If they can’t do the work…

But aside from all the above, what does it mean when admissions directors and counselors lament that the composition of their applicant pools and student bodies would change radically? What favors do they really think they’re doing the student whom they admit, only to see him flunk out? Are they not confessing that for nearly sixty years they have denied opportunities to many who, had they admitted them, would have graduated? And all for the sake of admitting students who ended up not graduating?

So when the President of, say, Wesleyan College “worries about what his campus will look like,” he speaks volumes. He has confessed that he knows he has students on his campus who can’t do the work. Or at least, he has students who do the work less well than could others he rejected for the sake of the “look” he wanted.

The one who said they would miss a generation, tellingly didn’t say they would cut off non-whites forever. That’s because the next generation of such students would be better prepared. Such preparation must happen at home, and much earlier in schooling than at college. If the decision these people expect in these cases brings about a renewed emphasis on such preparation, everyone will benefit.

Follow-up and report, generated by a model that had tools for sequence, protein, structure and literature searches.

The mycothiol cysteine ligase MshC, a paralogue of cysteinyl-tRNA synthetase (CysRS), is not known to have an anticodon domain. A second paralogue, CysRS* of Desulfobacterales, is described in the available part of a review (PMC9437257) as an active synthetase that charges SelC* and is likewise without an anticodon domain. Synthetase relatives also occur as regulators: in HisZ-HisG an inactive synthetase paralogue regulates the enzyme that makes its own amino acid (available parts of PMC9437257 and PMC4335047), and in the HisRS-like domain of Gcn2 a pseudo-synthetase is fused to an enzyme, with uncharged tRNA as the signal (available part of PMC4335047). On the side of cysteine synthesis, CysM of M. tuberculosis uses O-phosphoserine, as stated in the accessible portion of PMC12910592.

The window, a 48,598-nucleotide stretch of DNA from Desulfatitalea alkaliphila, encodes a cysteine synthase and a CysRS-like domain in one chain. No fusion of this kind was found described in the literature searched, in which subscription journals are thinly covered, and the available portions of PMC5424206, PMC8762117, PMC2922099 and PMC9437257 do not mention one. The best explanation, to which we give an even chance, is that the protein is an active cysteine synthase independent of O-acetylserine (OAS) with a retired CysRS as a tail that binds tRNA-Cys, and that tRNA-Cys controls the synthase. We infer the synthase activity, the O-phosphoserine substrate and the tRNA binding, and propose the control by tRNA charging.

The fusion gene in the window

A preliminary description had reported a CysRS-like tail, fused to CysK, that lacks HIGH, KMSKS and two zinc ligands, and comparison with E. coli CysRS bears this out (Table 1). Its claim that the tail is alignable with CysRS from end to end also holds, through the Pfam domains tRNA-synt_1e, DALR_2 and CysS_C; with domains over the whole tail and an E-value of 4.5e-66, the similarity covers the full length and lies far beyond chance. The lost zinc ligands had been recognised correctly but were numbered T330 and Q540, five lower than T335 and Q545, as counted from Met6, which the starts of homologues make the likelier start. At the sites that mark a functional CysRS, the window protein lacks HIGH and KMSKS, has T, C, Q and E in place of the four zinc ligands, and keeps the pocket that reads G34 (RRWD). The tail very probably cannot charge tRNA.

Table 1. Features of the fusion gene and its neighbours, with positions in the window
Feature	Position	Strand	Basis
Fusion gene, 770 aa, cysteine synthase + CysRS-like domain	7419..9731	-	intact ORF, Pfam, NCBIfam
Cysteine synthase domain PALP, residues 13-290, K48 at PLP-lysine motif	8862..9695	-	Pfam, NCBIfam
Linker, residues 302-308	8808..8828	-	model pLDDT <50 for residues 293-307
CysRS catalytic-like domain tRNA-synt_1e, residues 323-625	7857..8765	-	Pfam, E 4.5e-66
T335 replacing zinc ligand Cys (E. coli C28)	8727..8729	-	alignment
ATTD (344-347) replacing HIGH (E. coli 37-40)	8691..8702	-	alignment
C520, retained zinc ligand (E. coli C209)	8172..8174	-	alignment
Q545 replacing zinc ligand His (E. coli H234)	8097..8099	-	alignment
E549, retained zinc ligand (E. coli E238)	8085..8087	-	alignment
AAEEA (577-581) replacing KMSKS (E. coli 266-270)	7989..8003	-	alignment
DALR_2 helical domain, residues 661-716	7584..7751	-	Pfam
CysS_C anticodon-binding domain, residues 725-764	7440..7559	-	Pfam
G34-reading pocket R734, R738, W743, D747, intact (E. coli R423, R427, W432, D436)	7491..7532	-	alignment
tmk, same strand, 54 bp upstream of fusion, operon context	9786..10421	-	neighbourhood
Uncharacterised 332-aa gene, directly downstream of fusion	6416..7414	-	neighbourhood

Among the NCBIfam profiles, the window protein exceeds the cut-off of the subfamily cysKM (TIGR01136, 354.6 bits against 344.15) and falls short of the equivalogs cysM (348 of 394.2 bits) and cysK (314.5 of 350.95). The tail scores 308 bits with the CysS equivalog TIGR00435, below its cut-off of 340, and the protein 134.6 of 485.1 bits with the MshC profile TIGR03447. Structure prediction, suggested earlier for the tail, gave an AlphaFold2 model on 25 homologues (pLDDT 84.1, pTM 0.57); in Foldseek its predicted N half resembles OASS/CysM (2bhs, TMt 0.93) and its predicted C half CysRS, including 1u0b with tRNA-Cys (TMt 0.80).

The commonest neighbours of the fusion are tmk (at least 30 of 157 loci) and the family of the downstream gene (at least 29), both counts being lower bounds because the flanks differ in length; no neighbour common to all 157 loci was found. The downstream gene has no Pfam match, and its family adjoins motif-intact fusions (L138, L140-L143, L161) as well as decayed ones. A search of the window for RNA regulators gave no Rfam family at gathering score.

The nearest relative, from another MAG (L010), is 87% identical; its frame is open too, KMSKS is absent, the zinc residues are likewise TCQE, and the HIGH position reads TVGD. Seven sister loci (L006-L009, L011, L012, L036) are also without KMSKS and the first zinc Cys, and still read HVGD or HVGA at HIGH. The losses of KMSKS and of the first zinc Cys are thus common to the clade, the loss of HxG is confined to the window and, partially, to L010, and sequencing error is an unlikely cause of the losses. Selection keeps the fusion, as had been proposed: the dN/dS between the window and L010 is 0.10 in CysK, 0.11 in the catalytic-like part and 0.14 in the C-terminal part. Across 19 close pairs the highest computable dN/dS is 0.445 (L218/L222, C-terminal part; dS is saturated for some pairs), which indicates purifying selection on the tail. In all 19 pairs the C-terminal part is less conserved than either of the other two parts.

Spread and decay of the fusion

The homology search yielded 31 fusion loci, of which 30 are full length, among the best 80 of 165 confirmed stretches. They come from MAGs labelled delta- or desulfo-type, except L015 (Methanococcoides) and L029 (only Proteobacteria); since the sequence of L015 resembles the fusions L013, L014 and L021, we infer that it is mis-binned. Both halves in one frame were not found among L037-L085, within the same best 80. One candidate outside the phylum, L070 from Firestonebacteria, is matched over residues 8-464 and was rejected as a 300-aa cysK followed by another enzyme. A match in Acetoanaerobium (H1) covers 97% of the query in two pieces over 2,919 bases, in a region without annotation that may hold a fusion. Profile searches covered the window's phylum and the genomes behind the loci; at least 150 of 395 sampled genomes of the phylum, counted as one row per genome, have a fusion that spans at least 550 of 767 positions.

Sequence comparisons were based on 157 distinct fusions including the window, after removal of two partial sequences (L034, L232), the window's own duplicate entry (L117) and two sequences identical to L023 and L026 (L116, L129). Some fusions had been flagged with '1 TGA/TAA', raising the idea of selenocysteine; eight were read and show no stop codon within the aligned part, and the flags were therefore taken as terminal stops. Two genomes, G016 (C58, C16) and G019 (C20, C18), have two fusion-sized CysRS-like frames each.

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Terry A. Hurlbut has been a student of politics, philosophy, and science for more than 35 years. He is a graduate of Yale College and has served as a physician-level laboratory administrator in a 250-bed community hospital. He also is a serious student of the Bible, is conversant in its two primary original languages, and has followed the creation-science movement closely since 1993.

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Donald R. Laster, Jr

Affirmative Action has not existed since the 1970s. Blacks, as a group, rejected it for quotas and double standards. What people call Affirmative Action today is nothing but double standards and quotas based upon ethnicity and other things that are meaningless for a job. Affirmative Action was created by businesses in the 1950s in California and stopped looking at ethnicity and other items in relation to jobs that had no meaning for a job. What we are dealing with today is NOT Affirmative Action but racial quotas and double standards.